Published at Saturday, November 04th 2017, 14:36:16 PM by Yulia Yevgeniya. Kitchen. Ecofriendly Kitchen Counters. A little research is really all that's required today to make your new kitchen ecofriendly. The wide variety of material styles and costs – from salvaged wood to Bio‐Glass to bamboo (shown in this photo) – means you can find just the right green countertop material for your home.
Published at Tuesday, October 03rd 2017, 03:43:24 AM by Calandra Fotini. Living Room. Choose a focal point. Choosing a focal point in your living room space is important as you want to accentuate the best features of the room. A window is a great feature in any living room space both for the view it may have and also the light that it lets in. If this is your focal point arrange the furniture near by and make sure both you and your guests can enjoy the view/sunlight. Other focal points in the room include an entertainment unit or a fireplace. These areas in the room should be accentuated as well.
Published at Tuesday, October 03rd 2017, 03:43:16 AM by Yulia Yevgeniya. Kitchen. Soapstone Kitchen Counters. Often used in laboratories for its resistance to stains chemicals and bacteria soapstone is a durable and natural choice for a kitchen. At $80 to $100 per square foot installed it might be on the more expensive side but it can be a lifetime investment.
Published at Tuesday, October 03rd 2017, 03:43:10 AM by Tiberia Arianna. Kitchen. Organize inside. It may sound like a no‐brainer but often what makes a kitchen big or small organized is how we arrange the insides of our cupboards. Shelf and drawer dividers hooks racks and other storage devices are key to keeping order. Consider what works for you and go custom if you can. Are you a Mason jar and Tupperware kind of person? Do you prefer mugs on hooks shelves or in drawers? Storage is often about personal preference. Here the slim slots for chopping boards and placemats are a brilliant idea as is the slim pullout spice rack.
Published at Tuesday, October 03rd 2017, 03:43:04 AM by Roderika Amalie. Kitchen. Details like shaped cabinet doors niches for spices and oils and decorative lighting should all be considered while working on the design development and finish/fixture selection. Picking bar stools and tables and chairs for an eat‐in kitchen usually comes at the end but this is also important so don't just mail it in at this point. Think about adding patina and texture through vintage pieces if you can find them. And don't forget about items like decorative plate racks artwork and area rugs or runners. Small touches like this can add much character to a newly remodeled kitchen.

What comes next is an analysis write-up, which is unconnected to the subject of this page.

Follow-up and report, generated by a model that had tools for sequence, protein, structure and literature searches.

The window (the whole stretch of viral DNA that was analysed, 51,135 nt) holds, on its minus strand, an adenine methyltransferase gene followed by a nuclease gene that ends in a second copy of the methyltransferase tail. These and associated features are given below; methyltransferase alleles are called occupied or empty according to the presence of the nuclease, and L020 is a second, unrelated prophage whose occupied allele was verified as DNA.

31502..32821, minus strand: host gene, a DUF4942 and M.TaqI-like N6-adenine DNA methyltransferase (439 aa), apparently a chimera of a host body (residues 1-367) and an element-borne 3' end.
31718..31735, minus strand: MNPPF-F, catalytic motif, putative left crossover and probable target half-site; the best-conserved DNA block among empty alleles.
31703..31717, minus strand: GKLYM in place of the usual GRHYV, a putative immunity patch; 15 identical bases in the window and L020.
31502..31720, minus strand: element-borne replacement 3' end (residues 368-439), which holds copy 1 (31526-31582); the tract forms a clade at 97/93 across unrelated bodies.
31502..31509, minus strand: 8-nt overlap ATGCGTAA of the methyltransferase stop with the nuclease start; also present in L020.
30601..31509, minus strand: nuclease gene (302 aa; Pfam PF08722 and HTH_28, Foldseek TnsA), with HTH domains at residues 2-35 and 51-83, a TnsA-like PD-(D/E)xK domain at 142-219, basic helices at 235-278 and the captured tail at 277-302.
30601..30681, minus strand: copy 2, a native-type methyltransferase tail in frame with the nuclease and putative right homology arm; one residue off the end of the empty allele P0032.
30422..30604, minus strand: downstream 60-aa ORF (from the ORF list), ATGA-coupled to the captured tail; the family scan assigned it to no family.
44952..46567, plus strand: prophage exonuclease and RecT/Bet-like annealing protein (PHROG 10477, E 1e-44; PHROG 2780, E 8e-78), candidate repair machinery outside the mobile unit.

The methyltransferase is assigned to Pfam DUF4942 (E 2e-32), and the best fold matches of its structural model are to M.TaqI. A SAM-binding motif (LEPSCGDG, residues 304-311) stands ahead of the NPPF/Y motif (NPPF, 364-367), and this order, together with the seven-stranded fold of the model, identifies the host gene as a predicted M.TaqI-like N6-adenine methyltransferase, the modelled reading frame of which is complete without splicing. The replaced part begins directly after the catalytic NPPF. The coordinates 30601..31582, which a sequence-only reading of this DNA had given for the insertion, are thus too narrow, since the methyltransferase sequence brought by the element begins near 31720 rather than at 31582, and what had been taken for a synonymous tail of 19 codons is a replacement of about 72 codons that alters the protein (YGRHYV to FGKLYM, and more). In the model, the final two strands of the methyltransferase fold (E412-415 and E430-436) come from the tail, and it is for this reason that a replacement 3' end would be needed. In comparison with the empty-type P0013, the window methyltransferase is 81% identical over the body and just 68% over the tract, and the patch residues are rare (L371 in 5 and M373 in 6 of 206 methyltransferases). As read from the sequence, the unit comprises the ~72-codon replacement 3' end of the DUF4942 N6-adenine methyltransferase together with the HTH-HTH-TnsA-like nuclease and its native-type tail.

Published at Tuesday, October 03rd 2017, 03:42:53 AM by Darcey Muirgel. Kitchen. Lighter woods tend to have more of a casual or rustic feel compared with darker‐stained options. Light‐stained or unstained woods can have a cottage‐inspired feel or a Scandinavian vibe depending on whether you pair them with traditional or modern accouterments. In either case a traditional runner rug makes an excellent complement. Darker woods come off a little more formal and polished than lighter tones. They lend a certain gravity to a space which can work well in areas that are already bright and breezy with lots of windows. When mixing wood counters with other wood finishes it’s often best to stick to either warm or cool tones across the board. Red‐brown woods are more traditional while ashy gray tones have been a popular modern trend in recent years. Whichever tones you prefer they will be less likely to clash if you stick to one family or the other.
Published at Tuesday, October 03rd 2017, 03:33:10 AM by Calandra Fotini. Kitchen. You can also create a U‐shaped kitchen by adding a freestanding island to an L‐shaped kitchen. In this case the one end cabinet was turned to face away from the kitchen and a beadboard end panel was added to allow for a place to intersect the open island. Because the island is open you have knee space for stools and seating without needing an overhang.
Published at Tuesday, October 03rd 2017, 03:33:04 AM by Yulia Yevgeniya. Kitchen. Wood counters naturally also work well in spaces that already feature wood cabinets – that is if you’re a true wood lover and don’t mind it dominating the palette. Notice in several of these examples how wood only dresses the island counters. Wood in general is an excellent material to use for an accent counter (often on an island or a small "chopping zone" in butcher block) contrasting with nearby stone or solid‐surface counters in a pleasing way.